Proti Stassi

Since 2015, Proti Stassi is the first station for newly arrived refugees that land on the beaches from Korakas to Lagada in North-eastern Lesvos. From these beaches we organise, in cooperation with other volunteer groups, small comforts and transport. There they can rest, change and warm up, have tea and if needed medical and sanitary care. Eventually internet will also be available so people can contact their families. Bus transport is arranged from our former cheese factory to the nearby transit camp, run by Doctors Without Borders. Unfortunately, a large influx of people would make further transport unlikely. For this reason we are working on an accommodation area in another part of the factory.

Proti Stassi has from the start concentrated on working together with the local people. By setting up Borderline Lesvos, this will be fully implemented. Despite an ongoing crisis, employing locals is a positive change for the community for many reasons. First of all, to have a mutual understanding in interactions with the refugees. Secondly, we hire local people to work and we buy our supplies in the village. That way we support, in a small way, Greece in these times of crisis as well as helping with the refugee problem. The implementation of this method will evolve into a permanent structure supported by the locals.

In the meantime, we take part in a steady system comprised of land and sea operating NGOs. Seawatch and Cadus preform the sea rescue in this region. On land it is the volunteer group CK Team and Doctors Without Borders which organise transport to and from Proti Stassi respectively. This cooperation sets the base of assistance for the refugees. We are happy and proud to be present at the first station. It is a feeling reflected through our work every day.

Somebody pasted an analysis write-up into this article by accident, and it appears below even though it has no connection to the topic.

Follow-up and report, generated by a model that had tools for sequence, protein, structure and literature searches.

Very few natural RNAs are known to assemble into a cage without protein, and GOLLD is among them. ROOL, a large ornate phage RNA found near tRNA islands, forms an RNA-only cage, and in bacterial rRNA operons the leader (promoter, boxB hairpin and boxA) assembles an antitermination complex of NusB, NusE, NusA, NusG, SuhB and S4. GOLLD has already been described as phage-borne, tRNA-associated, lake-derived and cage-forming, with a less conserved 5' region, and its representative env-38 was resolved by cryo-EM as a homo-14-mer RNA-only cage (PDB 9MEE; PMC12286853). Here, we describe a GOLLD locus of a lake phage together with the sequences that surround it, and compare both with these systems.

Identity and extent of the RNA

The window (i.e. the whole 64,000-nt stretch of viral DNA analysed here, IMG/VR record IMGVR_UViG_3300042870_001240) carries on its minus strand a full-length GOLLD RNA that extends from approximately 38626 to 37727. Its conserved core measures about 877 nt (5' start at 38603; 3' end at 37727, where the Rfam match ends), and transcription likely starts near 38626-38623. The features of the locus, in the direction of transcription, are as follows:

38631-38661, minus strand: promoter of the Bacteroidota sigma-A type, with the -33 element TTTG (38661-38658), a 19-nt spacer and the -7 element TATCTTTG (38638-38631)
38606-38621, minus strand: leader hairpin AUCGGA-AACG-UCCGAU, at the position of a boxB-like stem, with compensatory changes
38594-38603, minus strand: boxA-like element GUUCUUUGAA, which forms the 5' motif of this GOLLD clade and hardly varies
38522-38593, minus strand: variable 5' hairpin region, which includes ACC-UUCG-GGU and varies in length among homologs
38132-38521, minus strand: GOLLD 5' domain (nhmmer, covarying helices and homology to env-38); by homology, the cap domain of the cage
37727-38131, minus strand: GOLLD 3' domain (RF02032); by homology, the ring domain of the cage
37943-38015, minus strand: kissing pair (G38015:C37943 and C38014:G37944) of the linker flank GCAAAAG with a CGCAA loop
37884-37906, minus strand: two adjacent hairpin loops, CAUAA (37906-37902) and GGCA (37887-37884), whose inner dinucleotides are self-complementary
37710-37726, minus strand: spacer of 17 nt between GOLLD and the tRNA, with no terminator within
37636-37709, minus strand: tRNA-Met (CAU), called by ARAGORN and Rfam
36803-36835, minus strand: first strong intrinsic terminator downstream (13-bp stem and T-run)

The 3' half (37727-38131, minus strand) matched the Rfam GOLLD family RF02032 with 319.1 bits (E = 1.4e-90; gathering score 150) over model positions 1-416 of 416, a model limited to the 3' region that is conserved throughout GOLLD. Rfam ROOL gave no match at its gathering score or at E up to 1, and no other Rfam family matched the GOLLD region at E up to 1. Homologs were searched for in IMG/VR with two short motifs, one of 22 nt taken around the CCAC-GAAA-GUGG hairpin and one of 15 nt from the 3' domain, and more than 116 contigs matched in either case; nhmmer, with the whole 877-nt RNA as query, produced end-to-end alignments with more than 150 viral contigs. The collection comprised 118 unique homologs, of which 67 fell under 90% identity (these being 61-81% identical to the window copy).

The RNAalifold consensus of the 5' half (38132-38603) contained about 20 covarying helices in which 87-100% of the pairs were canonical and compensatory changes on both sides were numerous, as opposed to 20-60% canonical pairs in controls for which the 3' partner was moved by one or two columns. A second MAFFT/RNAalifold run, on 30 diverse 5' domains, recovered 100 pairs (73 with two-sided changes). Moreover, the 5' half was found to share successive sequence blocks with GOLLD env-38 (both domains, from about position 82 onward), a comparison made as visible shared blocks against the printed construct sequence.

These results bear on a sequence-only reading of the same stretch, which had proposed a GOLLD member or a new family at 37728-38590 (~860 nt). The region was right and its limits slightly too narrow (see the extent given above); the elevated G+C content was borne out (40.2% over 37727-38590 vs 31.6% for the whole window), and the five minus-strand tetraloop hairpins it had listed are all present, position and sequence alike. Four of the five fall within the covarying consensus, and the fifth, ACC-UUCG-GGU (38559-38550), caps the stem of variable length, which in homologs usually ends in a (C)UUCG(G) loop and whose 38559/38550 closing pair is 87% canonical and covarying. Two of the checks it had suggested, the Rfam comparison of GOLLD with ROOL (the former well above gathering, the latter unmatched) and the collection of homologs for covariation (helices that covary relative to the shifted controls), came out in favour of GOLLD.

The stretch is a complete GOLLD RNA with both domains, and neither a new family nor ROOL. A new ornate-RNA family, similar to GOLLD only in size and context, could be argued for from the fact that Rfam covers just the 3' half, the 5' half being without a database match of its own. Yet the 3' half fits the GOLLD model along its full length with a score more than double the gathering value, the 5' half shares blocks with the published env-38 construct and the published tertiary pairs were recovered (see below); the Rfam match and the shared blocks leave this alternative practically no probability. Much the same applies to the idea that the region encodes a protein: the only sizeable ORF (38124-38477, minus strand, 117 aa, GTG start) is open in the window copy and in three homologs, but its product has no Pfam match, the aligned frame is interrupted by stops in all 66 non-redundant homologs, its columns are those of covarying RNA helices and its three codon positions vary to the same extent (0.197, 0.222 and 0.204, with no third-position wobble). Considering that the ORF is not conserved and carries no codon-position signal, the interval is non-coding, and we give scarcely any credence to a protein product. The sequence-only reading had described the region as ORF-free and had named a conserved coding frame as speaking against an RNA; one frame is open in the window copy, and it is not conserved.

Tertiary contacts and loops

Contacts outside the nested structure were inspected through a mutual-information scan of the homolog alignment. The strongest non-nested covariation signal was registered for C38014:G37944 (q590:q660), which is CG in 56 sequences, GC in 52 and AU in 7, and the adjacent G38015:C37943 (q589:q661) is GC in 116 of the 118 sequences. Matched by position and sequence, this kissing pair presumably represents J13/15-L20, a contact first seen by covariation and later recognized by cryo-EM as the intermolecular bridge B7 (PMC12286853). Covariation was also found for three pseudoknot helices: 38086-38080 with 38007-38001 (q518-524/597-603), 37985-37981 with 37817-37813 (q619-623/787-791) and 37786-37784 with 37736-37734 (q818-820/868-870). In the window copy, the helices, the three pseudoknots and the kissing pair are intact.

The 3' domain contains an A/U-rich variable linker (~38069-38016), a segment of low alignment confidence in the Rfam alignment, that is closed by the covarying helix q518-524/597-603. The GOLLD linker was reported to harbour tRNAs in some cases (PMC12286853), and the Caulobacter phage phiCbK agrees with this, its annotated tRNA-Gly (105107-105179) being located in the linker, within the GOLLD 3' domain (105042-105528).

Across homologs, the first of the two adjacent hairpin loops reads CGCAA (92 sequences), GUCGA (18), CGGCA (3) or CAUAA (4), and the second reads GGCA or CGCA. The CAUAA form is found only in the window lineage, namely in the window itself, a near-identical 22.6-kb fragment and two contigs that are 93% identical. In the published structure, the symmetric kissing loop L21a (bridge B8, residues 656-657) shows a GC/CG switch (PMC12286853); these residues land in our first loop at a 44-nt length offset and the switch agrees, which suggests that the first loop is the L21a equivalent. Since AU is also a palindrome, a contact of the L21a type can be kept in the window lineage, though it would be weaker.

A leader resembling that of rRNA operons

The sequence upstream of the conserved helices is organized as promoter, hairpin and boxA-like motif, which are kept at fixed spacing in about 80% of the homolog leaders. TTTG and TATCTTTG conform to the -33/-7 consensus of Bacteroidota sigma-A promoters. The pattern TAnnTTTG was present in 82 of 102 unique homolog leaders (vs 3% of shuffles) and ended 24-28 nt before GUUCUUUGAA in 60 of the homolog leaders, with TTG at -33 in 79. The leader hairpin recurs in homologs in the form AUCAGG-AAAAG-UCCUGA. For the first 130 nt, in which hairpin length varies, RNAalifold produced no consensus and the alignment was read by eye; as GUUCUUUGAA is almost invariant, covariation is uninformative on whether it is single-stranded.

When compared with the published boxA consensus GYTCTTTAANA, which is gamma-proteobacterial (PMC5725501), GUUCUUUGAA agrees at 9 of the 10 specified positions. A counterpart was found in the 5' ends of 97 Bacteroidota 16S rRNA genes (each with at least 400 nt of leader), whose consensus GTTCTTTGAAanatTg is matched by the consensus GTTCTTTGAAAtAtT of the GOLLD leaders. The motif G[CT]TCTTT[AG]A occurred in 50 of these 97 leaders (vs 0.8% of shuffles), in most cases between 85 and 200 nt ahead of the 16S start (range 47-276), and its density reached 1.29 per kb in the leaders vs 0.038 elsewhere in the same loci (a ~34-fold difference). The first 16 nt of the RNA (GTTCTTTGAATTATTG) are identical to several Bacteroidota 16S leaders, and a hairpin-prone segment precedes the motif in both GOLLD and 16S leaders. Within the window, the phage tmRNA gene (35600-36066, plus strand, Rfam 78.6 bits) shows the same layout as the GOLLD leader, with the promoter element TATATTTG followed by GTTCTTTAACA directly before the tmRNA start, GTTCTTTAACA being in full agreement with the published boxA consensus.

More information and curret topics can be found here


To support borderline-lesvos:

borderline-europe e.V.
IBAN: DE54 4306 0967 4005 7941 02
GLS Bank Bochum


Current projects

Show all

Sea rescue is not a crime

Recent attempts to criminalise sea rescuers show one thing above all: the entry of migrants should be prevented by all means. In 2020, the Alan Kurdi and the Aita Mari, two civil sea rescue vessels, were confiscated in Palermo, and when the Alan Kurdi was released, they were threatened that they would be arrested again next time. Italy, like Malta, has closed its ports because of the Corona crisis. But everyone has the right to life! Rescue at sea is not a crime!

read more

Monitoring opaque EU-ad hoc relocation from the Sea to the Cities

As a consequence of the Italian Ministry of the Interior's measures to block the arrival of people rescued from distress at sea, an EU ad hoc distribution mechanism was adopted in Malta in September 2019. With our new project, we are monitoring and documenting the implementation of these measures together with Sea Watch, borderline Sicilia and the Refugee Council. We demand the stop of security checks by the German Secret Service in Italy and Malta. Relocation cannot take place without the people's consent to the country of destination and the guaranteed right to stay.

read more

Situation of refugees and migrants in Italy

Here you will find information and a newsletter about the situation of refugees and migrants in Italy. We apologize - only in German language! This newsletter has been produced on behalf of PRO ASYL from 2009 -2017 by our Italian office and is published on the pages of Pro Asyl and borderline-europe. From 2017 December borderline-europe will produce the newsletter.

read more

Criminalisation of migration and solidarity

Migration and solidarity with people on the move is being increasingly criminalised. Resisting this criminalisation is a central part of our work. We research and document socio-political developments and cases of criminalisation. In doing so, we provide concrete support for those affected and inform and sensitize a broad public in the form of information materials, public events and campaigns.

read more

Central Mediterranean Info

borderline-europe started in March 2019 to put together information about the situation in the Central Mediterranean Sea for internal research reasons. In 2020 we decided to publish these info-letters.

Only available in English.

read more

Sahara: Externalisation of the EU Borders

The 9 million square kilometres of the Sahara now form an externalised border of the European Union. Push-backs, quarantine camps, military patrols and checkpoints in an area without infrastructure are supposed to ensure that the border becomes insurmountable. Who still dares to move can face easily death. We document human rights violations against people on the move in the Sahara.

type="text/css" read more